If the op, took a whole roll of the naked kid, somethings weird, if the op took a photo, where the kid looked like he was in distress, again weird... family photos, and naked kid running around, funny.

    to be blatant, as i get older more friends are having kids, and many of them are from el paso, tx (90-100 degree weather in the summer)... so amongst photos of food being grilled, family,etc... there's a naked kid here and there... no one thinks it's weird, because it's in CONTEXT.

    so op was singled out for a reason he is unaware of or omitted... or the photolab people at that specific place are 'sheep' to put it nicely.
    Put well. I agree.

  8. #68
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    I did some research. Most U.S. states/jurisdictions have laws which require the reporting of images of children under the age of eighteen who appear to a reasonable person to be engaged in an act of sexual conduct.

    In every case, the phrase "reasonable person," "reasonable suspicion" or "reasonable belief" is used.

    In every case except one the phrase "engaged in an act of sexual conduct" or "sex act" is used. In the one case that didn't say "sexual act/conduct" the phrase "child pornography" is used.

    In most places "pornography" is usually defined as images created primarily out of "prurient interest." That, we can say means "sexual act" or "sexual display."

    I don't think any reasonable person could infer that a kid who "shoots the moon" at a camera is engaged in a sexual display, a sex act or is acting out of prurient interest, especially when taken in context of all the other photos in the roll of film. Further, since the OP has been a regular customer of that lab for several years and has never had a questionable incident, I can't imagine how one photo could be construed as being out of context.

    I think that the photo lab was not justified in reporting the photo.

    Since others have said that this lab has let other photographs which were much more graphic than this pass unscrutinized, I would say that this shows that they are guilty of arbitrary behavior.

    As I said before, if I was a shopkeeper who accused a person of shoplifting and called the police without good reason, I would be civilly liable. I can't say that the photo lab in this case is similarly liable but I would certainly be looking for legal advice, right now.
    Randy S.

    In girum imus nocte et consumimur igni.

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    http://www.flickr.com/photos/randystankey/

  9. #69

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    Thanks for doing that leg-work, Randy... I was curious too.

  10. #70
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    Quote Originally Posted by Gerald C Koch View Post
    Zero tolerance laws/regulations trivialize the very actions they seek to remedy. Consider the boy suspended from school for bringing a GI Joe figurine to a school with a zero tolerance regulation against guns.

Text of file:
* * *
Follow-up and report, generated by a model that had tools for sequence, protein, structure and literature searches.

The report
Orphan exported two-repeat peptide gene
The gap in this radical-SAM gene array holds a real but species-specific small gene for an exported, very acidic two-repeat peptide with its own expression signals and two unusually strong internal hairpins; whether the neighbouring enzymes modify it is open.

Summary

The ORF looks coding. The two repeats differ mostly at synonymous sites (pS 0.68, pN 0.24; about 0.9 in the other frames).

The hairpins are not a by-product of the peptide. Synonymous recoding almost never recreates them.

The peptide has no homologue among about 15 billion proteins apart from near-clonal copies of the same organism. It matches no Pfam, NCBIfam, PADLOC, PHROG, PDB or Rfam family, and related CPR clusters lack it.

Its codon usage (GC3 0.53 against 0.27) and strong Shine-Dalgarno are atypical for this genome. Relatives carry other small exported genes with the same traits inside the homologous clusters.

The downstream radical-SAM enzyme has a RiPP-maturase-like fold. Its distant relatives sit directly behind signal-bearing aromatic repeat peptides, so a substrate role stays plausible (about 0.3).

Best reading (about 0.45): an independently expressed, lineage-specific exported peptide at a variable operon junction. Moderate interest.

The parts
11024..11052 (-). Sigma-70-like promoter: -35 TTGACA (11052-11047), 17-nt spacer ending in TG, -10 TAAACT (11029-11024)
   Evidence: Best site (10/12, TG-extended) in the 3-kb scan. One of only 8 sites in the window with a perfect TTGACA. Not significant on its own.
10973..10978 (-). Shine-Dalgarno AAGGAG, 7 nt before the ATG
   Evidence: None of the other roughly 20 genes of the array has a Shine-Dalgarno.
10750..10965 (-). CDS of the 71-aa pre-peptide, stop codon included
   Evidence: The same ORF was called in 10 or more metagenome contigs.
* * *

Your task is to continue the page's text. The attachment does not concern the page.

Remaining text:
GI Joe!? That's going a bit far when you can be suspended for brandishing triangular pastry.

    Anyway, it's worth noting that the OP is in Australia and we have very strict laws here (whether you're aware of them or not in your local jurisdiction or whether you believe they're necessary is irrelevant) that require people to report the suspicion or appearance of abuse. I haven't seen the image, can't say whether the lab overreacted but even if they totally did, the problem here is the police officer's reaction. Having decided that no crime had been committed and told you as much, the failure to return the image is an improper confiscation of goods. The police aren't allowed to just take shit off you because someone else had a moral panic, and you know that.

    On behalf of all of us who use labs occasionally, I implore you to send a formal letter of complaint to the police headquarters in your state (it's a pretty easy process). Lay out, in completely unemotional language, that you had your private property confiscated and destroyed without due process and in the absence of any crime. The actions of the lab are irrelevant* here, so don't complain about them because it'll just make you look bad. As part of the complaint, I think you need to specify what your desired outcome is: I would request (if I were you) that formal procedures be put in place if they are not already and their following enforced regarding the treatment of people in your situation. You shouldn't have had to have heard from the police at all and you certainly shouldn't have lost your property. Likewise I would not push for disciplinary action against the officer as they were probably acting from ignorance and asking for punishment will just put the police examining your complaint on the defensive. You want to push against the process and the system, not the individuals unless the individual did something clearly criminal.

    There have been quite a few cases (and therefore complaints) recently with police improperly bothering people photographing in public; in Australia, we have the explicit right to do so unless invading someone's privacy. As a result, there have been awareness campaigns within the police forces regarding the rights of photographers. Pushing back firmly and politely against the police failing to follow the law is what is required. Otherwise, we end up with rule by police instead of rule by law, which is pretty much where a few other western nations are headed. Thankfully, Australia is doing much better than others on that front, but please do your bit in pushing back, even if you take a week or two to gather yourself emotionally first.


    * it doesn't matter if the lab is full of prying nannies. The police should have just said "it's fine, give it back". You can't train all lab operators with a fine sense of subtlety and context so their job is only to report, NOT decide your guilt. It's the police's job to ignore their reports when appropriate.